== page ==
“Coco” is a Pixar treat that feels fundamentally personal. Behind the dazzling visuals, the foot-tapping rhythms, the gorgeous set design and the kid-friendly daffy humor is a movie dabbling with existentialism, the importance of family and the struggle to keep a loved one alive in your heart after they pass away. Like some of Pixar’s best, “Coco” looks to accompany the adventurous sonnets of its immediate plot with a ballad focusing on empathy, grief and acceptance.
Developing this animated musical, however, was far from an easy task. During a presentation for “Coco” at Dwinelle Hall this week, Alonso Martinez, a technical director at Pixar, remarked that “Coco” took almost six years to finally come together. Martinez himself worked on the modeling and “rigging” — a fascinatingly complex process — of several characters in the movie, including the slapsticky and naive dog Dante as well as the ferocious Alebrije Pepita.
Martinez describes the animated characters as “digital puppets,” and he takes part in designing the strings that makes those puppets move.
In an interview with The Daily Californian, Martinez teased out what goes behind making these characters behave the way they do.
“In the most simple way, the characters are made out of points,” Martinez explained. “The points are connected by these lines, and these are called polygons — it’s basically a mesh. And (in) that mesh, you write generic pieces of computer code … like Lego pieces that tell the points how they should move. Just to give you an idea, one of them is called Translate. What it does is it moves the points up, down, left, right, and forwards and backwards … and that is how we build up these characters.“
For “Coco,” it was essential that the characters were representing or enhancing the movie’s themes. The film follows young Miguel (Anthony Gonzalez), who comes from a family of shoemakers and dreams of becoming a musician like his idol, Ernesto de la Cruz (Benjamin Bratt). Because of an unfortunate incident that happened generations ago, however, Miguel’s family has banned every one of its members from playing and listening to music in any way, shape or form. After they learn of Miguel’s ambitions, a heated argument ensues and Miguel runs away, only to somehow be transported to the Land of the Dead.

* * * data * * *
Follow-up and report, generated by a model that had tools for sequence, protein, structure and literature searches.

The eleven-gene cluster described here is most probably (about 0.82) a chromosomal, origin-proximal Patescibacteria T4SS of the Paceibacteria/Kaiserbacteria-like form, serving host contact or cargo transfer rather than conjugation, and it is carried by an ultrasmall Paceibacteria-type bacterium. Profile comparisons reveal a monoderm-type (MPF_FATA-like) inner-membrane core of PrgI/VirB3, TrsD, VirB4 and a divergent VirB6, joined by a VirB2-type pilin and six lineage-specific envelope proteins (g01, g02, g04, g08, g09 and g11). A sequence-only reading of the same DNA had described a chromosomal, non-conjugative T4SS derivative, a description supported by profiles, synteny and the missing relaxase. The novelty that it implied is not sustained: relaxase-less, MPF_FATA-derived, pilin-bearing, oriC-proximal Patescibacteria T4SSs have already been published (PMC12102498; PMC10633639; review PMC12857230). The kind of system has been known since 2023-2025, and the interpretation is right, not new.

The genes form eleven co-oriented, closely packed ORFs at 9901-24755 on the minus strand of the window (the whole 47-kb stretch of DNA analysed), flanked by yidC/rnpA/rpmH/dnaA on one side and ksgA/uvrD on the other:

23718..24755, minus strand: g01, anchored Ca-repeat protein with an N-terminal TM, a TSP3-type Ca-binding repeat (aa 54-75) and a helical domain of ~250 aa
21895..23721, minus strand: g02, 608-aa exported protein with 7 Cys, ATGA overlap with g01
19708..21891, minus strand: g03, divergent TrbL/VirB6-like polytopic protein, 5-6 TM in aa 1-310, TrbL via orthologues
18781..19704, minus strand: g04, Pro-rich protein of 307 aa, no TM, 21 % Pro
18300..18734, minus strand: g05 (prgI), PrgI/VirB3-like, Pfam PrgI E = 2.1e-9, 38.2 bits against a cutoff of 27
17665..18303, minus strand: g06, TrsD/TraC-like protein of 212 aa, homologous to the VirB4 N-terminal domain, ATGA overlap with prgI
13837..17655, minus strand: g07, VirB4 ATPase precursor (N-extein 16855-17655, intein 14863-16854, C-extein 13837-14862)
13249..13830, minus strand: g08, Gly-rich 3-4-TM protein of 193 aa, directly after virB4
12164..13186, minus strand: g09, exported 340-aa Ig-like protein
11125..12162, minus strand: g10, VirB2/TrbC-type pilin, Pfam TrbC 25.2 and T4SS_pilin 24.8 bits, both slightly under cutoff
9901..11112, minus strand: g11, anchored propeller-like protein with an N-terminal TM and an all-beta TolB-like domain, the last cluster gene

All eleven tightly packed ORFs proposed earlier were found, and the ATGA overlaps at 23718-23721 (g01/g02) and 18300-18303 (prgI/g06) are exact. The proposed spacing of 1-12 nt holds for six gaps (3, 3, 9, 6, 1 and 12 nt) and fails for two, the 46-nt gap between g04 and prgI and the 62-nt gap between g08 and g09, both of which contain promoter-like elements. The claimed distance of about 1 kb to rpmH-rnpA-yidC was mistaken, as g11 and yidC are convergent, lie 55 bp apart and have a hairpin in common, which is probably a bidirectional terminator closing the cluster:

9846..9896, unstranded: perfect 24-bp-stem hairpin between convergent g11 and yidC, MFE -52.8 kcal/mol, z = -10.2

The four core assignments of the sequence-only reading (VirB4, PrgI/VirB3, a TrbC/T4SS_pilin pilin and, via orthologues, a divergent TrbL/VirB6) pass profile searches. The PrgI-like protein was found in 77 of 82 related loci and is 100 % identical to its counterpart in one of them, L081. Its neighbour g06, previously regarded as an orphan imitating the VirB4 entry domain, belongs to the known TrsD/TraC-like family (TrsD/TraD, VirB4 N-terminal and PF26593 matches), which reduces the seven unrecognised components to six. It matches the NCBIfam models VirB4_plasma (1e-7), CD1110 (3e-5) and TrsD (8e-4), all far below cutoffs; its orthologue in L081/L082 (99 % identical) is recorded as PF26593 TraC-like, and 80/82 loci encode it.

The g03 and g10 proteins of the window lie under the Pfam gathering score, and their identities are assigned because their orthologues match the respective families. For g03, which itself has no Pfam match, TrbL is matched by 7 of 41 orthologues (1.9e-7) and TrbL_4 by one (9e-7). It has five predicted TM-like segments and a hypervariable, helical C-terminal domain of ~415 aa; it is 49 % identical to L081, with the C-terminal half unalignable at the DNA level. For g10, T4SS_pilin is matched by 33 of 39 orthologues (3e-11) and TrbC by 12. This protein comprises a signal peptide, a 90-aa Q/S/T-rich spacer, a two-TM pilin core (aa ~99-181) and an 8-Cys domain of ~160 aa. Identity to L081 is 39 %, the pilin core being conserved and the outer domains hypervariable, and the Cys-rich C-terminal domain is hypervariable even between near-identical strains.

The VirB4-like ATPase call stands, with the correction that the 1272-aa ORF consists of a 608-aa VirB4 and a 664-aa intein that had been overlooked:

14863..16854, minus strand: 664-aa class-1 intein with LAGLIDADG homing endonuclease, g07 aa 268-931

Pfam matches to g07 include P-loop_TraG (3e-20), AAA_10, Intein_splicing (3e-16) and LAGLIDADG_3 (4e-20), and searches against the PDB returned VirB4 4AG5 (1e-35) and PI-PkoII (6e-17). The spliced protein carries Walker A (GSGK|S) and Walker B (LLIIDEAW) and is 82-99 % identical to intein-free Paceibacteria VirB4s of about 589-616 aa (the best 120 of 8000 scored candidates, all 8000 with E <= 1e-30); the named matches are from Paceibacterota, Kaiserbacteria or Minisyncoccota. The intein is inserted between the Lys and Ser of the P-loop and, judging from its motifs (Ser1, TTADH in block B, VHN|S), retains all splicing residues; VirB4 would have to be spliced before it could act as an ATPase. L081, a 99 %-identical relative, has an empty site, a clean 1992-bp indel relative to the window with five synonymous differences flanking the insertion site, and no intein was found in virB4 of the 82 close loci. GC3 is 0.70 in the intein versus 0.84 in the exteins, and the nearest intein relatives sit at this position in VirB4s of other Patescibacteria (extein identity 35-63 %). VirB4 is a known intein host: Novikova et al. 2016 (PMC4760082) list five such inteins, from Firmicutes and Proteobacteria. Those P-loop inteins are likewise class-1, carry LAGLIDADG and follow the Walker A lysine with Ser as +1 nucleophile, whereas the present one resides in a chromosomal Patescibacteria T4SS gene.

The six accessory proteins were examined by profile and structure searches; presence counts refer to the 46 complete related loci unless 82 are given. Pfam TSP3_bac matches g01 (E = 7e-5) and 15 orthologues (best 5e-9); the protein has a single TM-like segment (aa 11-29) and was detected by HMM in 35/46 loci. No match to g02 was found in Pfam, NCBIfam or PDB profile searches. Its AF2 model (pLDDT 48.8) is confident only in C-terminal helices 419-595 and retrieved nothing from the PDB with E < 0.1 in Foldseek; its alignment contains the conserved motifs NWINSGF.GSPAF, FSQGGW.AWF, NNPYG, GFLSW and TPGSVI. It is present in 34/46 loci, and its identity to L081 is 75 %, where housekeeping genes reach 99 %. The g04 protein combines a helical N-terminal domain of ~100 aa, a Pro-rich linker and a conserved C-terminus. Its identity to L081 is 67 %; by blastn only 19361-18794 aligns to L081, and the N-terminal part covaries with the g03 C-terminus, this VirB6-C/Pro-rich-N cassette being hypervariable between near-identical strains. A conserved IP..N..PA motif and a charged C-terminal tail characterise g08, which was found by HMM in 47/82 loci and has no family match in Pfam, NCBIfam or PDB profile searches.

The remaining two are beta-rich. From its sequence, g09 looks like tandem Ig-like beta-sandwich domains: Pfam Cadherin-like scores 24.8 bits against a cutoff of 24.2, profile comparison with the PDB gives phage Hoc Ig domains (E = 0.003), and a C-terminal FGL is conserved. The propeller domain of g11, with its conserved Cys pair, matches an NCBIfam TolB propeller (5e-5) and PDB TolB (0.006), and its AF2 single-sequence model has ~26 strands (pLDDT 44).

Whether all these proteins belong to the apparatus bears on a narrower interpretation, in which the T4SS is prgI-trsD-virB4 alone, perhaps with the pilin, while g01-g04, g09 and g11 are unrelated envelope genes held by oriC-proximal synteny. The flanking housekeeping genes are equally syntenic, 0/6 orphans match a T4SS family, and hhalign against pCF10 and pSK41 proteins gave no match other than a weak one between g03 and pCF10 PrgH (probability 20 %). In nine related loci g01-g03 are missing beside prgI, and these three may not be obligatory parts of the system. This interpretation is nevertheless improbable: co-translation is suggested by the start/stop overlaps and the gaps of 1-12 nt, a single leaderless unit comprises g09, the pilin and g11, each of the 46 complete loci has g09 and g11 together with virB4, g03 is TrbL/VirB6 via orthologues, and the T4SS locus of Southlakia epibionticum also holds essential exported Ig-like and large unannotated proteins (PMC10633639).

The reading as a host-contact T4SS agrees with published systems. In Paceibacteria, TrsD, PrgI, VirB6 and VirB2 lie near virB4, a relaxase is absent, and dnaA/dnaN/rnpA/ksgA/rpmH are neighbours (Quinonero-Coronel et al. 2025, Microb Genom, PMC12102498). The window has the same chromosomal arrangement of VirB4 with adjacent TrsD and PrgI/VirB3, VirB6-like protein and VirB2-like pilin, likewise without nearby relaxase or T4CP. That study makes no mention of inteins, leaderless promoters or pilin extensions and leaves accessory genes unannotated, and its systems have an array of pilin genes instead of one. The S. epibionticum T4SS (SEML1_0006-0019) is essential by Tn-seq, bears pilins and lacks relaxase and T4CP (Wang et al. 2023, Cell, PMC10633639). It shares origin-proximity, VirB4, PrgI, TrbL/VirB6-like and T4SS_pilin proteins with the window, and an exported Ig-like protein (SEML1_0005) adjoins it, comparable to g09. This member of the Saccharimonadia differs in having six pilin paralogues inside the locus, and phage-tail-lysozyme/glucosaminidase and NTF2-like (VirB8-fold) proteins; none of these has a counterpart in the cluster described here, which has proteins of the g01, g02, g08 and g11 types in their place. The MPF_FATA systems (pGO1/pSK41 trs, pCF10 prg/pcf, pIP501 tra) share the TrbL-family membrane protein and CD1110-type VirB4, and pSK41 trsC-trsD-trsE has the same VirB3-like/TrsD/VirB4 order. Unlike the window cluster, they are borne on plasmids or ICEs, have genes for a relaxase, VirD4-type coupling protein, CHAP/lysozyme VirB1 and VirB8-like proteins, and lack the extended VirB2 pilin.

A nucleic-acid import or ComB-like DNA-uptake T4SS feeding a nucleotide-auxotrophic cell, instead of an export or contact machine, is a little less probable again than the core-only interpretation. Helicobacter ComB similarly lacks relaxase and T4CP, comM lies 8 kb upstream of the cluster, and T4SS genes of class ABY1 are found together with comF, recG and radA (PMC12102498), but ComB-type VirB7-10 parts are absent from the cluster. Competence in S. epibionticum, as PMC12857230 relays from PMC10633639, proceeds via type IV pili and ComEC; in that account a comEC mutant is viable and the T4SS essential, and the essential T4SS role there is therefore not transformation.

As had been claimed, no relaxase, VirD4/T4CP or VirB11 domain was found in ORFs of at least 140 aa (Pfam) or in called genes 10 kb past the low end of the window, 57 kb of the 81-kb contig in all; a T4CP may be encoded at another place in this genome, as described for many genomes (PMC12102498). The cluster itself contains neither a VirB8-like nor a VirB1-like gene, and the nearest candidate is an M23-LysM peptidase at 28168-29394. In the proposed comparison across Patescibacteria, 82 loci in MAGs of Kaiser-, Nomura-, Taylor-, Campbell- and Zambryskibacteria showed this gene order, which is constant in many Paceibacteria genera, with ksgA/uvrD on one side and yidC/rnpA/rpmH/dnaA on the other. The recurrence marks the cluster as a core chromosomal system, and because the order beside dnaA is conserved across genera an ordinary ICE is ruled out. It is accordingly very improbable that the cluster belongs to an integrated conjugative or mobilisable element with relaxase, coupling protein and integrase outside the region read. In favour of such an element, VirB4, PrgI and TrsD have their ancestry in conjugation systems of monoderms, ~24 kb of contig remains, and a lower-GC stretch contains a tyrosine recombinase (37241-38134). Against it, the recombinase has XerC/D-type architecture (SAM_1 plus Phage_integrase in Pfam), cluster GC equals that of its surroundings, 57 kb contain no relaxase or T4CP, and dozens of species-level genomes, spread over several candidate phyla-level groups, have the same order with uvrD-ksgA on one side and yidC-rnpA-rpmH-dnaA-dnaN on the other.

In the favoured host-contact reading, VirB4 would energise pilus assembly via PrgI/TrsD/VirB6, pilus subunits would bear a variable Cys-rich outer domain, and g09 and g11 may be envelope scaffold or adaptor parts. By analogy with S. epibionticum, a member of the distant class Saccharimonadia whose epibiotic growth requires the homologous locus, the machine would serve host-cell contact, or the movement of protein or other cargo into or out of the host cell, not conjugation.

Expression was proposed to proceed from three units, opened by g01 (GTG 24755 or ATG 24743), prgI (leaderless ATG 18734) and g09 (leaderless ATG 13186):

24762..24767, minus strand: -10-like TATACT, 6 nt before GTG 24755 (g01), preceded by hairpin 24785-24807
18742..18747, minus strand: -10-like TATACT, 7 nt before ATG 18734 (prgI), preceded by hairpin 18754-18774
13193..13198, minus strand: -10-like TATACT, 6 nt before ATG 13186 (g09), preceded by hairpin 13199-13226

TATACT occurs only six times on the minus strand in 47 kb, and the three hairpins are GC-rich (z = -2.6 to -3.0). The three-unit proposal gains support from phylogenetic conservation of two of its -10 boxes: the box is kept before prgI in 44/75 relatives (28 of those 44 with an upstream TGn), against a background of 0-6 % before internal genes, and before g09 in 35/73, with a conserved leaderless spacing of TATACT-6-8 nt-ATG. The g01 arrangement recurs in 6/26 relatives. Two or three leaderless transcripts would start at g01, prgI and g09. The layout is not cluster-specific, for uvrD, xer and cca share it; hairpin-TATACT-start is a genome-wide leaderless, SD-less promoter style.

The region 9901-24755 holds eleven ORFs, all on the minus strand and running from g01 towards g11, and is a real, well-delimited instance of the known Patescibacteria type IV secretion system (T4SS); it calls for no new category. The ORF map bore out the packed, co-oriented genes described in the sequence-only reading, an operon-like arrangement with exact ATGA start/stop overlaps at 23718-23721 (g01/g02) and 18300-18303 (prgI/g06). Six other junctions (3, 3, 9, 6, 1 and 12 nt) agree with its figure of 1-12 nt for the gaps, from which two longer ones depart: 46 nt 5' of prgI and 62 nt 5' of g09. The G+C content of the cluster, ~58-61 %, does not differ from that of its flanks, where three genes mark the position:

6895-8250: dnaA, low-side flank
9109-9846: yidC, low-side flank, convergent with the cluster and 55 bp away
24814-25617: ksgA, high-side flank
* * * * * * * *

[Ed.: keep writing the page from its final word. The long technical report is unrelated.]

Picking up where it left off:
Set during the Día De Muertos festival, “Coco” follows Miguel as he, along with the help of his departed ancestors, struggles to come back to his own world.
Because the film is steeped in Mexico’s culture, it was important for Pixar to portray Mexican mores and traditions faithfully. A particular example of its dedication to cultural accuracy is the depiction of the Mexican folk art commonly referred to as “Alebrije” in the movie. Alebrijes are mythical creatures usually sporting brightly colored features and incorporating the distinctive characteristics of many different animals put together.
The Alebrije that Martinez brings to life in “Coco” is the intimidating and frightening Pepita. For characters such as Pepita that are completely products of imagination, the animation process can potentially take six months or more. For Martinez, those six months aren’t tiresome or tedious. “I wish I could work on it for a year more,” he said. “I wish it could be better.”
“What I like about working at Pixar is that I am at a place where people are striving for perfection,” said Martinez. “Because I am a perfectionist, they are allowing me to indulge in the most OCD parts of myself.”
For “Coco,” Martinez was also brought in as a cultural consultant. In talking about how exactly he picks his projects, Martinez said, “(Projects) are assigned to me. I always request the project that I think I will excel at. … For this movie, obviously, I went to my supervisor and requested him.”
Martinez’s Mexican roots are the reason why he decided to choose “Coco” specifically. “I was born there. It’s my home. There’s so much I was gonna enjoy about working on it, and hopefully be able to contribute to it.”
Walt Disney Studios/Courtesy
Martinez describes the animation process as a relay race of sorts. “No person can claim that a character is completely theirs, because it’s such a collaborative effort. You just want to bring something to the table. You just want to make sure that when it comes to you, you are amplifying it instead of cancelling it out. … So what that means is you are conveying the essence of what they wanted to convey. After you have already captured that, hopefully you get to the stage where are plus-ing it, where you are adding you own things that make it even more beautiful.”
Martinez’s enthusiasm for his job is infectious. He speaks about every movie he has worked on in the past — be it “Up,” “Inside Out,” or “Coco” — almost as if it were a part of him.
“In an ideal world, I love this romantic idea of an explorer or an inventor,” Martinez said. “The way I look at a lot of what I do is: In a land where nobody knows anything, even the dumbest person can discover a lot.
For Martinez, the sheer opportunity to keep on learning, to keep on discovering, is what really matters.
Contact Arjun Sarup at [email protected].